Treatments that can get blood moving normally again have improved significantly over the years. Medications called statins slow the process of atherosclerosis by lowering cholesterol and slowing the formation of plaque. Blood thinners help prevent blood clots that cause blockage. Angioplasty, a procedure used to open blocked arteries, is also very successful and can be used nearly any-where in the body to restore blood flow.

Rush is testing two ways to grow new blood vessels in the body that create alternate routes for blood to move around blocked arteries: injecting genes into the heart muscle or legs directly and using a patient's own stem cells or another adult's stem cells.

Jeffrey Snell, MD, performs special procedures, including carotid artery stent placement and endovascular repair of abdominal aortic aneurysms. He is currently studying stem cells to grow new blood vessels in patients with poor circulation.

The gastrointestinal tract: Digestion and movement

As anyone who has ever experienced constipation can confirm, problems along the gastrointestinal tract can stop or slow the movement of what we eat and drink in uncomfortable ways. But when issues such as constipation become an ongoing problem, it may mean part of the digestive system isn't working properly.

Two common problems with movement of the gastrointestinal system and transit of its contents, called motility disorders, may be the culprits: colonic inertia and pelvic floor dysfunction.

Colonic inertia. When food and fluid move through the digestive tract, they are propelled by peristalsis, a muscle action that resembles an ocean wave in the muscle walls. The muscles contract and narrow, and then the narrowed portion is propelled forward, pushing food and fluid ahead of it.

"With colonic inertia the bowel is healthy, but the muscle contracts slowly so it has trouble moving stool through the colon," says Keith Bruninga, MD, a gastroenterologist at Rush who specializes in motility disorders. By the time the stool makes its way toward the rectum, it is difficult to pass.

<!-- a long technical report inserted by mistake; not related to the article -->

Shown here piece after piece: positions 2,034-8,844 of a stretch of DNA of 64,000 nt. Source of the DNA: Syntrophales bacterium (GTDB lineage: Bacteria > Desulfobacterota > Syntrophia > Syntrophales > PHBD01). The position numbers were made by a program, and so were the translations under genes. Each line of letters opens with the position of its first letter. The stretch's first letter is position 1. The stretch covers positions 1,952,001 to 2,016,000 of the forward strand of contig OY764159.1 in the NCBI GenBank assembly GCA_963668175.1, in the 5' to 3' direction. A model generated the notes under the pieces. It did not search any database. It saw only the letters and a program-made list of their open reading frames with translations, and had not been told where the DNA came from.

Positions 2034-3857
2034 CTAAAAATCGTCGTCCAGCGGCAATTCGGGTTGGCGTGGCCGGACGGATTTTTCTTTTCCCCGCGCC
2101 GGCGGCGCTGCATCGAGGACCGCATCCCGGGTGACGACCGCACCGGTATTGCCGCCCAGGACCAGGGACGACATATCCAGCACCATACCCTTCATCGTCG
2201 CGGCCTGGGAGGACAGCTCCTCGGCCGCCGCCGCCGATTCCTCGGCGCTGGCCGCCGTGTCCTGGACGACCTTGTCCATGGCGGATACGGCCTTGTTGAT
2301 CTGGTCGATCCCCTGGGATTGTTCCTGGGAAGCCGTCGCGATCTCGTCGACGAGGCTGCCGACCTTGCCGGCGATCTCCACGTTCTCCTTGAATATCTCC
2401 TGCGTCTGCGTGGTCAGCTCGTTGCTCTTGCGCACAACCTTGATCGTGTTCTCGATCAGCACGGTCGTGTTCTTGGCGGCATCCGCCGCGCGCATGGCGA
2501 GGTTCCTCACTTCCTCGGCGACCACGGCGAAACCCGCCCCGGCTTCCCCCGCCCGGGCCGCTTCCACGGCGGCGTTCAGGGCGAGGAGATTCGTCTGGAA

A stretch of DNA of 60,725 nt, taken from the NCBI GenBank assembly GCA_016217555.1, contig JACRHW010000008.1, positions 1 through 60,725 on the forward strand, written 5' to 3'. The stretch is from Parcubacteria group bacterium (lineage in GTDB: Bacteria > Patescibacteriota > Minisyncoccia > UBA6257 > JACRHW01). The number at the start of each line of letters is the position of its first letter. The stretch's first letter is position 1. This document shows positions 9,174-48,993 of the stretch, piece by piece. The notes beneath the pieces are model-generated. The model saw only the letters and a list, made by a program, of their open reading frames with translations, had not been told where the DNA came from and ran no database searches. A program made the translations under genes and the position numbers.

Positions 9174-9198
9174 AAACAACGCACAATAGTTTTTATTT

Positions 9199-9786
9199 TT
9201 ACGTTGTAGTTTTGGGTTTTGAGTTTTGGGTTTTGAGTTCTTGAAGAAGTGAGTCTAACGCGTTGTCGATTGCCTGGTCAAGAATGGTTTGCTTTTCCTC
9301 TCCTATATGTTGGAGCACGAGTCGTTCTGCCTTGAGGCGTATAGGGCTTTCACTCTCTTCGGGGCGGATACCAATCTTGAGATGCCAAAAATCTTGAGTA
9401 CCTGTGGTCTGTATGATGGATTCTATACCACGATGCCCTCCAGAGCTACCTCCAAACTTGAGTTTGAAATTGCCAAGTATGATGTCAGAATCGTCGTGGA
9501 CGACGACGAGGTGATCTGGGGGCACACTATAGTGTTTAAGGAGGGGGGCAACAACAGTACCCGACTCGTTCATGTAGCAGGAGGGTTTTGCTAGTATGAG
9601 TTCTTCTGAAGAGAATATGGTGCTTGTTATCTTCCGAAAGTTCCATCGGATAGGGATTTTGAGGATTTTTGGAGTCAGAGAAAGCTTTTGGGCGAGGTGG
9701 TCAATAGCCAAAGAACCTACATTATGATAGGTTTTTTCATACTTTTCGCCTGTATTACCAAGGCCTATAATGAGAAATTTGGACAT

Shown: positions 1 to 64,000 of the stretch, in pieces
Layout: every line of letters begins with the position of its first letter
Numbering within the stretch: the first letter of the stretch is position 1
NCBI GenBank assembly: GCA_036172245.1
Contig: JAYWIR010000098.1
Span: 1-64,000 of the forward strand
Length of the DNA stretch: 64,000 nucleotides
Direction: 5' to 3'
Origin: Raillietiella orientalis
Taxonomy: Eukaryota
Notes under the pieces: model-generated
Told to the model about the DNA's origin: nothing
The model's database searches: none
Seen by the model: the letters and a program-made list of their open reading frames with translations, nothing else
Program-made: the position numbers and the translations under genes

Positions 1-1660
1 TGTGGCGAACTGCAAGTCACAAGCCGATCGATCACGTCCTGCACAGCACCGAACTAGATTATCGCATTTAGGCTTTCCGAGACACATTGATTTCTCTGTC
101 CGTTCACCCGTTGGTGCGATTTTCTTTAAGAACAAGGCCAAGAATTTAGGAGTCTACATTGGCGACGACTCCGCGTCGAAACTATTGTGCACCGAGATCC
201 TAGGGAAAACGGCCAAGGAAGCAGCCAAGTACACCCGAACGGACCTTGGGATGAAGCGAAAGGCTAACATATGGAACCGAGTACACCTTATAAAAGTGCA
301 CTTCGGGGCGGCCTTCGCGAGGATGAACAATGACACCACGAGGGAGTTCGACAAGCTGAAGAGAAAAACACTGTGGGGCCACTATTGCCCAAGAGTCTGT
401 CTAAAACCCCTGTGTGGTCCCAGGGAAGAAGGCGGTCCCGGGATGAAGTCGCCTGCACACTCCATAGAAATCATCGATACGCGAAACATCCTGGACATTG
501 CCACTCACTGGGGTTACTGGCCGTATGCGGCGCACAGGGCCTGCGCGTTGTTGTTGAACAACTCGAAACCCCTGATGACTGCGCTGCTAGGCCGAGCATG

Two kinds of laxatives are prescribed to treat this problem: osmotic and stimulant. Osmotic laxatives draw fluid into the intestinal tract, making the stool soft so it can move through the colon more easily. Stimulant laxatives work by causing contractions of the smooth muscle of the colon to help push the stool along.

Pelvic floor dysfunction. When you have a bowel movement, the abdominal wall muscles contract and the pelvic floor muscles relax to push out the stool. With pelvic floor dysfunction, the stool moves normally through the colon, but as it gets to the pelvis and the rectal area, the muscles of the pelvis don't relax.

"When the pelvic floor muscles do not relax, the patient experiences a relatively closed system," Bruninga says. "This may cause patients to feel like they have more stool that needs to come out, which can lead them to strain their muscles."

Both disorders are seen mostly in women, and the causes are unknown. Whatever the cause, constipation can make a person feel bloated and sluggish. It can also cause complications, such as hemorrhoids and anal fissures (tears around the anus that can cause rectal bleeding).

Fortunately, help is available. For example, a specially trained physical therapist can help someone with pelvic floor dysfunction learn to properly use the abdominal and pelvic floor muscles when trying to have a bowel movement.

Keith Bruninga, MD, is board certified in internal medicine and gastroenterology. His areas of interest include colonic motility and functional gastro-intestinal disorders.